7 Types Of Burr Weeds

Burr weeds are among the most annoying weeds to find in your yard.

Often, you notice the burrs sticking to your clothes while working in your garden. Or even worse, you step on the sharp spiny balls while walking on your grass without your shoes on.

Before you can take steps to control them, it’s important to identify the weeds. So in this article, we take a look at 7 of the most common types of burr weeds.

Let’s dive in!

Lawn Burweed (Soliva sessilis)

Lawn Burweed

Lawn Burweed by Harry Rose

Lawn burweed is also known as spurweed, bindi weed, and stinging grass. And that final name is a good description of what it feels like if you walk on a burweed-infested lawn with bare feet.

Lawn burweed is an annual broadleaf weed that grows during the cool season. The seeds germinate in the fall. And by the spring the weed disperses small spiky balls in the grass containing the seed.

Lawn burweed thrives on thin turf. Growing in small patches to a height of 3-4 inches. It produces small, feathery leaves that look like parsley and grow to about 1-½ inches long. In spring, lawn burweed produces tiny flowers that are difficult to see without close inspection.

Burr Medic (Medicago polymorpha)

burr medic

Burr medic by John Tann

Burr medic is another burr-producing weed that’s common to find on your lawn. The weed produces spiky seed pods after it flowers. These eventually dry up and turn brown.

Burr medic has green, serrated-edged leaves that consist of 3 leaflets. They look similar to clover, hence the alternative name for this plant of bur clover.

Hairless, reddish-purple stems extend up to 30 inches as the weed creeps across your lawn. At each place that stem nodes touch the ground, they can root. Between March and June, burr medic produces small yellow flowers.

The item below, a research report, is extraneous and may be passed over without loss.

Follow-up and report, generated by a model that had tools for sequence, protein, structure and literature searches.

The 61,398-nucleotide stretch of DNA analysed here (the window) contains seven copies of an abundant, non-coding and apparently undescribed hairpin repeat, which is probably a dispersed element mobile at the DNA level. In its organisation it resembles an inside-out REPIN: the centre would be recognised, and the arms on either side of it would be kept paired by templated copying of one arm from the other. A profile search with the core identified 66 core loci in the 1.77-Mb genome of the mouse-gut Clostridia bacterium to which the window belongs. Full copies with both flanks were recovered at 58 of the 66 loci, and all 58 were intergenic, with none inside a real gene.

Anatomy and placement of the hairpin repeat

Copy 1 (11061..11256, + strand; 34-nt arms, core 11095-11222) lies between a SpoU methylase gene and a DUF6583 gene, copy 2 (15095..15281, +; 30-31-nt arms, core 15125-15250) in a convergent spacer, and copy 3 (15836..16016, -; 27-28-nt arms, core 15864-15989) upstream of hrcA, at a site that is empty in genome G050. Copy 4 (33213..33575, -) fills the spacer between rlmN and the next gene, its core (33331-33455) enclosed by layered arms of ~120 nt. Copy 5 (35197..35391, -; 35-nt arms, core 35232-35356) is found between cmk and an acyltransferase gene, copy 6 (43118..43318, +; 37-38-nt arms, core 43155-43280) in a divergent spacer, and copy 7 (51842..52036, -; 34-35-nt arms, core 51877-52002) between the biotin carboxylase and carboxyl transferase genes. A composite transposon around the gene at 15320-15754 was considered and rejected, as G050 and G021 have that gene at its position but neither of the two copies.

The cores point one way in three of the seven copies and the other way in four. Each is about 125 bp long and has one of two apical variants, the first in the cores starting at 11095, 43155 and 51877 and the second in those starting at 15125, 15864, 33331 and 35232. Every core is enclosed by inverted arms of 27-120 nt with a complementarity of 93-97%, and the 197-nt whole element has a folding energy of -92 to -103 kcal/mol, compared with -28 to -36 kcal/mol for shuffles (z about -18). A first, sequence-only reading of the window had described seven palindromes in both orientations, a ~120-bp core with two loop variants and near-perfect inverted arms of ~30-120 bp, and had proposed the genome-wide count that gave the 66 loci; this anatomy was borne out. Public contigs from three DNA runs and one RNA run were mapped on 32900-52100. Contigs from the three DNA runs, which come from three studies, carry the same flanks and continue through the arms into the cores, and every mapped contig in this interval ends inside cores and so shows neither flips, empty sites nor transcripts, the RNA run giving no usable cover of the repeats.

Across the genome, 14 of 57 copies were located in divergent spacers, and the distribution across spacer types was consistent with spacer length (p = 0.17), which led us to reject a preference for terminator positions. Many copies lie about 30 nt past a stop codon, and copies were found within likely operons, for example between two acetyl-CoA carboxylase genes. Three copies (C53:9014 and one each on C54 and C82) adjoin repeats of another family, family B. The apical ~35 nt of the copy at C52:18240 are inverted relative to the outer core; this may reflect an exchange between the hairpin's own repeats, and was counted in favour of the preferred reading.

Other similar burr species in the same family include woolly medic (M. minima), cut-leaved medic (M. laciniata), spotted burr medic (M. arabica), and barrel medic (M. truncatula).

Southern Sandspur (Cenchrus echinatus)

Southern Sandspur

Sandbur is an annual summer weed also known as grassbur, spiny sandbur, and field sandbur. It likes to invade areas where it experiences little competition. So if your lawn is thin and patchy, with areas of dry soil, then it could be vulnerable to southern sandspur.

This grassy weed grows in loose tufts. With stems that occasionally bend and root where the nodes touch the ground. The leaf blades are mostly smooth and sometimes slightly rough. With reddish stems at the base.

Southern sandspur produces seedheads at the top of leaf blades that consist of a spike of burrs.

Yellow Burr Weed (Amsinckia)

Yellow Burr Weed

Yellow burr weed is an annual herb that’s easy to identify. The plant has a basal rosette of leaves that grow up to 20 cm long. The leaves are stalkless, lanceolate-shaped, and covered in bristly hairs.

The weed grows up to 1 meter high. With a central stem that varies from hairless to covered in stiff hairs. Leaves grow from the stem and decrease in size as you get closer to the flowerhead.

Yellow burr weed blooms in spring. Producing small trumpet-shaped flowers. Each flower produces 4 seeds that are covered in a spiky husk — the burr. These fall to the ground when they’re ripe.

Puncturevine (Tribulus terrestris)

Goat Head Weed

Goat head weed by A.Davey

Puncturevine is a fast-growing prickly weed with long stems that grow up to 5 feet. The stems are covered in hairs. And form a thick mat as this creeping weed spreads across the ground.

The plant germinates in the spring. And by April, puncturevine is in bloom, flowering until October. Before the weed produces its small spiky burrs.